One contemporary who has always encouraged me to improve my ability, diversity and skill as a painter is Carol Ann Edwards aka Cezanne Poetess . I have been a long time admirer of her work, her attitude towards self-expression and raw enthusiasm for producing unique artwork and poetry. Carol kindly agreed to share her thoughts on art, poetry and the future of Afrocentric art in the UK.
How long have you been painting and writing?
I’ve been seriously writing since 2003 and painting since 2008. I write and paint based on my life experiences and spiritual journey; I started learning how to meditate in 2007 in order to control my negative thought patterns and to begin to create the life of my dreams. What I was learning about my thoughts being creative, being able to attract what I desire by focusing on what I want ( instead of what I don’t want ) came out in my artwork and what I was writing.
As a visual artist and poet what is your favourite medium and why?
I paint using oils on canvas; I had never painted with oils on canvas before unblocking as an artist in 2008. I hadn’t painted in over 20 years but after attending a Transmission Meditation workshop I just went out the next day, bought all these canvases and paints and threw myself into it! I prefer oils because they take longer to dry, which gives me time to get things right : )
I then found that I was writing poems and songs which complimented my paintings, so most of my paintings have a song or poem to go with them; they will soon be available as downloads and in my new CD/book ‘Seeds of Love’. You can also listen to some of them by visiting www.myspace.com/cezannepoetess.
Your artwork is very figurative, colourful and inspires me very much to paint. Is there a particular message you try to convey in both your art and poems?
Without realizing it, I was using ‘colour therapy’ in my paintings; bright colours affect the brain, having a positive effect on the emotions. I very much follow my inner guide when I’m painting, and some of the images come to me in flashes like a vision. For example, I was relaxing, listening to some music, when the image for ‘Love Bump’ just flashed in my mind! I wasn’t thinking about anything to do with this image and, even though it only flashed in my mind for a split second, it left an ‘imprint’ on my mind and I was able to ‘copy’ all the detail. I drew it out then painted it a few months later.
Ultimately, the message I aim to convey through my artwork and writing is about promoting love within the black community. This includes self-love; in order to be able to give and receive love, you have to love yourself unconditionally. You cannot give what you haven’t got.
In these days of austerity, where many tighten their wallets and see art as a luxury, how do you handle the income generating aspects of being an artist?
Well in order to survive as an artist, I wouldn’t ‘put all my eggs in one basket’. I’ve also recorded a CD and written a book. I’m grateful that I have other gifts that can also generate an income. I haven’t sold any of my original paintings yet, but that may be a good thing in the long run : )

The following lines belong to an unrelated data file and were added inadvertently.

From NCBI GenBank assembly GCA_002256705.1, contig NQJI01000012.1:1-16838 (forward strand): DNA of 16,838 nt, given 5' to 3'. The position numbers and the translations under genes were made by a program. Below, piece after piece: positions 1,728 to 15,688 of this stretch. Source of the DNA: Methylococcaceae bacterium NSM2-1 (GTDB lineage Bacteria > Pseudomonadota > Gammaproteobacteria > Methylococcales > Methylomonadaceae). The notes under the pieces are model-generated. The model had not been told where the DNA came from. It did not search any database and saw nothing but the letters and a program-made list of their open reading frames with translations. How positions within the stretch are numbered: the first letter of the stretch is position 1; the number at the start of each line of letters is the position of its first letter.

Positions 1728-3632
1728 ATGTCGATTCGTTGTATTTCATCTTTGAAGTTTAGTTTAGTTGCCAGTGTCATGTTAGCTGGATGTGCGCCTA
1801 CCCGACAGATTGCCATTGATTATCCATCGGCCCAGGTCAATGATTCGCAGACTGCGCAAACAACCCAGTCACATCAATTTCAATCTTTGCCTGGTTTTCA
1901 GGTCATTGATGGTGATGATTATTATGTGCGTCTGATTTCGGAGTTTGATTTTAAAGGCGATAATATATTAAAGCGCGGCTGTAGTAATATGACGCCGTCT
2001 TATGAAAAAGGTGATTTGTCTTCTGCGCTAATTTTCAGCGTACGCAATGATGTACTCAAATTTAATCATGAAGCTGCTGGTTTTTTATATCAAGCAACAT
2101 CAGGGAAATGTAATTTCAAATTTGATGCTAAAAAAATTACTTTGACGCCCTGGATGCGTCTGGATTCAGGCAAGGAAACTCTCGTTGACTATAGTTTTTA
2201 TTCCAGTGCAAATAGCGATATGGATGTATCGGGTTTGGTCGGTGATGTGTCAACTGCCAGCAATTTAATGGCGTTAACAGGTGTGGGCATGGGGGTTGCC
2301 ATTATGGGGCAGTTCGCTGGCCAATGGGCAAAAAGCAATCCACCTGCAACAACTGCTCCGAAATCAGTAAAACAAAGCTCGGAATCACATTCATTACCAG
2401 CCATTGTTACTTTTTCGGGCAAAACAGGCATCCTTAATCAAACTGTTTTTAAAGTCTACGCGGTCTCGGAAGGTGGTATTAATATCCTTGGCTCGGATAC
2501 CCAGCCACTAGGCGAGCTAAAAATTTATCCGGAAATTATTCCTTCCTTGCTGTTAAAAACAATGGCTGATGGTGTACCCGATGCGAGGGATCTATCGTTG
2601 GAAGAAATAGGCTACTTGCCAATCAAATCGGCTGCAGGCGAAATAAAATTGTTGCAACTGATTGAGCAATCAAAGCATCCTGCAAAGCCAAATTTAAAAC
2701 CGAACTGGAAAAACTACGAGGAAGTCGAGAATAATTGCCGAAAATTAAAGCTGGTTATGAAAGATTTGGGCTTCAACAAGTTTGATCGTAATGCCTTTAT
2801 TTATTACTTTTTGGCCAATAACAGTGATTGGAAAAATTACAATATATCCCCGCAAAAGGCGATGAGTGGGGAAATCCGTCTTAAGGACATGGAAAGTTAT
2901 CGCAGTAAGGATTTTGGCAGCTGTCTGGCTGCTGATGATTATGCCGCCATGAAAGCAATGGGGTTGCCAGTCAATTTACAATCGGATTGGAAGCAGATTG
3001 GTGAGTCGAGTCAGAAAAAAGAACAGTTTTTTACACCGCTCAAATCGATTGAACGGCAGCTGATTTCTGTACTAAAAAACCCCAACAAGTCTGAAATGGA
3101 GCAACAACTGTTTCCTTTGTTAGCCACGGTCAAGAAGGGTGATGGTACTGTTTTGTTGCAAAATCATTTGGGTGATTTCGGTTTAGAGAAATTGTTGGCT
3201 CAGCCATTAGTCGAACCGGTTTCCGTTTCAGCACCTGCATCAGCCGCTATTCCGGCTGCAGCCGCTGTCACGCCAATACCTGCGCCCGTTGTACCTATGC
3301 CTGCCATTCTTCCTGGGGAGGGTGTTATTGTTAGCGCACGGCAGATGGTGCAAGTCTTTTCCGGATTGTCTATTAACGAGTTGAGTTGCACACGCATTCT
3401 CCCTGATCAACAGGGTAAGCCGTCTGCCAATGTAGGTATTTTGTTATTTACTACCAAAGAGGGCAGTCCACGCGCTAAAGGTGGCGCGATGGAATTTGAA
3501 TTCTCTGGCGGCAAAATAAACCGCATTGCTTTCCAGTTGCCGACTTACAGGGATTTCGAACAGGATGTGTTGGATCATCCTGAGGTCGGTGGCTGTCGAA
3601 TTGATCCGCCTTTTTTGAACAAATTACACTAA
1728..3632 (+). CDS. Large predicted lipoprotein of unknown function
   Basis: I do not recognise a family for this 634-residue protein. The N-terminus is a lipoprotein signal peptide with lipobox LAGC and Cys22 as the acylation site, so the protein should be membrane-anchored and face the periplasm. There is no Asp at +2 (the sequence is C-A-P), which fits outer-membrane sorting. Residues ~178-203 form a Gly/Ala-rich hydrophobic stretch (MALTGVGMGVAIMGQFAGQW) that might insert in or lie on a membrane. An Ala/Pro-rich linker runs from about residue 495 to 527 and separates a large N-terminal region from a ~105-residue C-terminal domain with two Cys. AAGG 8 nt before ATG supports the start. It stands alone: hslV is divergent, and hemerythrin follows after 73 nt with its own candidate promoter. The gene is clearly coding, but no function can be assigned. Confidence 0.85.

Prints of your work are readily available but where do you see the future of original art, particularly Afrocentric artwork?
Personally I think the black community hasn’t grasped the concept of investing in original art in this country yet; hopefully that will change but I’ve been told countless times that my artwork would do so much better in the US. I am happy just knowing that my originals WILL go up in value, and when the black community is ready, so will I be!
Do you think UK commercial art galleries represent a wide enough variety of talented artists?
Definitely not, but I think that’s changing; Tate Britain is currently showing “Thin Black Line(s)” until 18 March 2012, an exhibition of black art; I would love to have an exhibition there too. But what I would really like to see is our own Annual Black Art Exhibition to showcase the wealth of talent within the Black community.
Congratulations on the opening of your weekly Cultural Arts and Crafts fair. I wish you continued success. So what else is in the pipeline?
The Weekly Cultural Arts & Crafts Fair is being held every Saturday 1-6pm at Centerprise in Dalston E8 2NS until 24th December. I’m currently putting together the Black Stallholders Collective in order to organise our own Monthly Cultural Arts & Crafts Fair (from February 2012), where people will be able to come to buy our high quality hand-made products. All artisans of African descent can get involved by emailing firstname.lastname@example.org
I will also be launching my new website shortly: www.cezannesart.co.uk where products featuring my artwork and poetry will be available.
I wish Cezanne continued success!
2 thoughts on “Cezanne Poetess: Afrocentric Art in the UK”
Thanks for sharing. I especially like hearing about Cezanne’s plans for the future. Sounds exciting!
Pingback: Cezanne interviewed by fellow-artist David Emmanuel Noel | cezannepoetess